George Fuller, by Sidney Dickinson, 1884, continued.

lowed,— a work full of fire and freedom, strongly personal in suggestion, and marked by a wild and impatient individuality which revealed in the girl the impression of a lawless ancestry, that somehow and somewhere had felt the action of a finer strain of blood. The next year Fuller reached the highest point of his inspiration and power in The Quadroon, a work which is likely to be held for all time a; his masterpiece, so far as strength of idea, importance of motive, and vivid force of description are concerned. Without violence, even without expression of action, but simply by a pair of haunting eyes, a beautiful, despairing face, and a form confessing utter weariness and abandonment of hope, he revealed all the national shame of slavery, and its degradation of body and soul. Every American cannot but blush to look upon it, so simple and dignified is its rebuke of the nation's long perversity and guilt. The artist's next important effort was the famous Winifred Dysart, as far removed in purpose from The Quadroon as it could well be, yet akin to it by its added testimony to the painter's constant sympathy with weak and beseeching things, and worthy to stand at an equal height with the picture of the slave by virtue of its beauty of conception, loveliness of character, and pathetic appeal to the interest. It was in all respects as typical and comprehensive as The Quadroon itself, holding within its face and figure all the sweetness and innocence of New-England girlhood, yet with the shadow of an uncongenial experience brooding over it, and perhaps of inherited weakness and early death. And the wonder of it all was that the girl had no sign about herself of longing or discontent; she was not of a nature to anticipate or dream, and the spectator's interest was intensified at seeing in her and before her what she herself did not perceive. That art can give such power of suggestion to its creations is a marvel and a delight.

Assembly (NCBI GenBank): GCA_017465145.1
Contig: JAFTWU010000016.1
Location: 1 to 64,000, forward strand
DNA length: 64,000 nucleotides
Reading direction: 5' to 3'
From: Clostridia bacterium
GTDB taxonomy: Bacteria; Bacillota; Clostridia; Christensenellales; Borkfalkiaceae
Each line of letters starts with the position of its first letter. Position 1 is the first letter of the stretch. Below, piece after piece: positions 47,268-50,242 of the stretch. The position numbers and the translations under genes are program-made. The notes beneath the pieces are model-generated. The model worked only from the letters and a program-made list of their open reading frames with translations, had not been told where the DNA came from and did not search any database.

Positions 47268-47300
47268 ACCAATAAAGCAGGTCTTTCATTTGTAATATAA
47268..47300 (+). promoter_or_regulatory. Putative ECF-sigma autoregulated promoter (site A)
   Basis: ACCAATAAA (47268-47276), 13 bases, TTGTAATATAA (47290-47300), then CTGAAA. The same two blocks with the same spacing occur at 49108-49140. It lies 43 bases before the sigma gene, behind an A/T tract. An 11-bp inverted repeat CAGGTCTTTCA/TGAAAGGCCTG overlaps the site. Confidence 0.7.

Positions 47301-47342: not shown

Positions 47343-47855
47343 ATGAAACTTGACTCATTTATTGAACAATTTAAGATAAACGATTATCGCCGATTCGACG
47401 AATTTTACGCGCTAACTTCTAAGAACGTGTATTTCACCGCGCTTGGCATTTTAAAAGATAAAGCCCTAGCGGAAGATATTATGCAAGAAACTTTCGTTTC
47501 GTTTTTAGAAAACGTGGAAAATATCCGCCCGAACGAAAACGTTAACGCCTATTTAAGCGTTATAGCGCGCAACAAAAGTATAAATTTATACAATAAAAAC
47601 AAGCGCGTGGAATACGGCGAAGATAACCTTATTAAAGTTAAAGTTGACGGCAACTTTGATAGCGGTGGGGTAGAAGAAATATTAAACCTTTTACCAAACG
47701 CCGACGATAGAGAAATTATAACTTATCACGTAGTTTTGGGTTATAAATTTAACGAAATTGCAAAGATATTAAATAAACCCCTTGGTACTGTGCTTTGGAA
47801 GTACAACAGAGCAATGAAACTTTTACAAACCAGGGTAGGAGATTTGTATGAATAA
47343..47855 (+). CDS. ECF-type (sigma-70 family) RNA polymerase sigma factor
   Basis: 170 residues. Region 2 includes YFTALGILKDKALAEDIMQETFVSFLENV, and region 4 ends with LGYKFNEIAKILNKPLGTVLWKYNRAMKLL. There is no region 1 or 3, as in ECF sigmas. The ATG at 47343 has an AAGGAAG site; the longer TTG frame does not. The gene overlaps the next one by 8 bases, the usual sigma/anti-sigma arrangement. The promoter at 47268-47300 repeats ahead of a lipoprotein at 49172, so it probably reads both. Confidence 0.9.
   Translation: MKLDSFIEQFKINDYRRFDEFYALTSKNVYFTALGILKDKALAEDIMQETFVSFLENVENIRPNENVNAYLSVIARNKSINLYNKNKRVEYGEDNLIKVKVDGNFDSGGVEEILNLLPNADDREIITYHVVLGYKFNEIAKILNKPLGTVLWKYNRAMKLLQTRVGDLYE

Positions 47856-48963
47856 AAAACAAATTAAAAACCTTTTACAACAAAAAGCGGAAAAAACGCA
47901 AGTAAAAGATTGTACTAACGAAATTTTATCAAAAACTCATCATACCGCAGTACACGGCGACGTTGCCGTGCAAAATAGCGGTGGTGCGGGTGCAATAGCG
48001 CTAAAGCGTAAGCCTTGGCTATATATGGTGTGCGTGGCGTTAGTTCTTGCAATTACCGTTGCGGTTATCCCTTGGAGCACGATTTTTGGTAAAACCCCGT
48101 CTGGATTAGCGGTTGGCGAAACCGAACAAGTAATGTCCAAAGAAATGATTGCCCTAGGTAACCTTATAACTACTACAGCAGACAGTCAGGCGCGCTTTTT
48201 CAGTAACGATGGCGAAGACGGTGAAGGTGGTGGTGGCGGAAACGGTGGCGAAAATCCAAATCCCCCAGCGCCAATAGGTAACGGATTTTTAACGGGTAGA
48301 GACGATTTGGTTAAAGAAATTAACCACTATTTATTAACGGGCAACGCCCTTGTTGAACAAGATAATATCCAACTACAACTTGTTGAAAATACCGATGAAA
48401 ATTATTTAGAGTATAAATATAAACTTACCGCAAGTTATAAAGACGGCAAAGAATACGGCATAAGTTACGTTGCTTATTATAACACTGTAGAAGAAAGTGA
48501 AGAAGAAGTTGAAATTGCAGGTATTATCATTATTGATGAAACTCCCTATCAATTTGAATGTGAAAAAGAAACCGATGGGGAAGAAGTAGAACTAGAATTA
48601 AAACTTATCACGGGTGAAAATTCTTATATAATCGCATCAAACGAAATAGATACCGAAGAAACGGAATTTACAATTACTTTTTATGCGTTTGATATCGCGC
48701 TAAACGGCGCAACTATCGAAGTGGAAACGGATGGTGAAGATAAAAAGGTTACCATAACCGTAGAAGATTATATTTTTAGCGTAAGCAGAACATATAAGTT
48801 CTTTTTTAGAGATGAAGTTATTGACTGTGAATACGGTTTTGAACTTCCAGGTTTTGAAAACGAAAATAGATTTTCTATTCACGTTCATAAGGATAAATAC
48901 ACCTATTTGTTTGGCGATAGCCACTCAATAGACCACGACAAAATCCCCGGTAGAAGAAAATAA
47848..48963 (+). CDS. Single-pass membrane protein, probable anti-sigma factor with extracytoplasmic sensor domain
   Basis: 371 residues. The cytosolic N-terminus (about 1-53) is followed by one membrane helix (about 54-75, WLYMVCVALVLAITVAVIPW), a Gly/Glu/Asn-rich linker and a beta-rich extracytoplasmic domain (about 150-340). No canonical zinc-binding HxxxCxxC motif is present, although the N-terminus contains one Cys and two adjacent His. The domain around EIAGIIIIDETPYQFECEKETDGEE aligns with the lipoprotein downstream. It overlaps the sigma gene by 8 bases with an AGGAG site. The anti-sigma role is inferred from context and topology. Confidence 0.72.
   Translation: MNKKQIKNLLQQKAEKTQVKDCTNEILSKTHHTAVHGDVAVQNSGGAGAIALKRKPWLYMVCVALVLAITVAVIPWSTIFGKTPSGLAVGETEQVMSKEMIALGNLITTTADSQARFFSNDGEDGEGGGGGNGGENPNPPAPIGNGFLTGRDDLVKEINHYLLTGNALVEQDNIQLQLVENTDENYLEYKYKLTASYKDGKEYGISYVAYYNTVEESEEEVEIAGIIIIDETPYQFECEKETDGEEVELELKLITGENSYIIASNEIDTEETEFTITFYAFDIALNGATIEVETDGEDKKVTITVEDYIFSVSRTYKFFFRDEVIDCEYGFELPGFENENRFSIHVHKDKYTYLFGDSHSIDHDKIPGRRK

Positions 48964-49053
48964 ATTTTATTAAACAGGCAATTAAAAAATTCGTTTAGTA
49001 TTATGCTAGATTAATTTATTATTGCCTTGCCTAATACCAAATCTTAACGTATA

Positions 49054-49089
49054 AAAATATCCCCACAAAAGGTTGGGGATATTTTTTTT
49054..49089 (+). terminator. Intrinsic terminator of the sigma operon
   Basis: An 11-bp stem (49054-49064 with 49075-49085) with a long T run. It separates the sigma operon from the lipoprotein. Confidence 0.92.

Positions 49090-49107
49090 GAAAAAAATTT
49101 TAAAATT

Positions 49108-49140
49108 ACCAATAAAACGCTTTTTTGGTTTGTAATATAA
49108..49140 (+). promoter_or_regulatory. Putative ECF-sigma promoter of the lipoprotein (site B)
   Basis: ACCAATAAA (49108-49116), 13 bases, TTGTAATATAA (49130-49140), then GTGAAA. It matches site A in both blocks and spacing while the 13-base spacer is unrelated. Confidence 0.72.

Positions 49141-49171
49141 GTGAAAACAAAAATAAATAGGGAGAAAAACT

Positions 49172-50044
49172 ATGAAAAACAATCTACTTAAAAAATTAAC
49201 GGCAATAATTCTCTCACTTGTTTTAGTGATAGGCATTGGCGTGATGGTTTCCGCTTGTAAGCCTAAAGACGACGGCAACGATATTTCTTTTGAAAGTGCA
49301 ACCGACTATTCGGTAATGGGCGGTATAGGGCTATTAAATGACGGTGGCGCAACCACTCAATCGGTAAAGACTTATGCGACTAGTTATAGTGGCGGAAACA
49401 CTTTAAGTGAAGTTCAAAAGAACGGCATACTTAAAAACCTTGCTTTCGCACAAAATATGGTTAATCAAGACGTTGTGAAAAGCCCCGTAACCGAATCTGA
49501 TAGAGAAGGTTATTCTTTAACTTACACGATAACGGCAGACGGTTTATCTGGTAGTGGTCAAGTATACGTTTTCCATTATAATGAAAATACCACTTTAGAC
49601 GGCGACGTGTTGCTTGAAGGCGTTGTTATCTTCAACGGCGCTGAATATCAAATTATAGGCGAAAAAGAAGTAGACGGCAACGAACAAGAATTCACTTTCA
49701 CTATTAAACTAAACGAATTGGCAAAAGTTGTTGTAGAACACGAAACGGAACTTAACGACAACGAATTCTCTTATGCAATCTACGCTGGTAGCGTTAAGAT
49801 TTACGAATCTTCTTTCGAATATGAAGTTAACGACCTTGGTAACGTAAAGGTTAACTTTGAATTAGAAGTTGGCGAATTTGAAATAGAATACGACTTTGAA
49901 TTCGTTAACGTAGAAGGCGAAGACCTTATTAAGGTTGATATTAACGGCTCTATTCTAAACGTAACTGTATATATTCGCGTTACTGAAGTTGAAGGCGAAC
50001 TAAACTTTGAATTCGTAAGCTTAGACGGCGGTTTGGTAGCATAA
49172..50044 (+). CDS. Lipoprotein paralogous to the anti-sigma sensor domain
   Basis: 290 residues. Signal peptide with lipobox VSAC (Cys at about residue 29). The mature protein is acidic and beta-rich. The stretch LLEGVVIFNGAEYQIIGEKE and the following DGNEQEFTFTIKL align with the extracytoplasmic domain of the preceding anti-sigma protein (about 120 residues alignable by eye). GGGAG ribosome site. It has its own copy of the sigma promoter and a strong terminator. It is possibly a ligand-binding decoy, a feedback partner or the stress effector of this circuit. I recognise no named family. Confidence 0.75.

Following these two works — and at some distance, although near enough to confirm and even increase the painter's fame — came the Priscilla, Evening; Lorette, Nydia, Boy and Bird, Hannah, Psyche, and others, ending this year with the Arethusa, whose glowing and chastened loveliness makes it his strongest purely artistic work, and confirms the technical value of his method as completely as The Quadroon and Winifred Dysart do his habit of thought. He painted innumerable landscapes, portraits, and ideal heads, and in figure compositions produced, among others, two works of great and permanent value, the And She Was a Witch, and The Gatherer of Simples, to whose absorbing interest all who have studied them closely will confess. The latter, particularly, is of importance as showing how carefully Fuller studied into the secret of expression, and of nature's sympathy with human moods. This poor, worn, sad, old face, in which beauty and hope shone once, and where resignation and memory now dwell; this trembling figure, to whose decrepitude the bending staff confesses as she totters down the hill; the gathering gloom of the sky, in which one ay of promise for a bright to-morrow shines from the setting sun; the mute witnessing of the trees upon the hill, which have seen her pass and repass from joyful youth to lonely age, and even her eager grasp upon the poor treasure of herbs that she bears, — all these items of the scene impress

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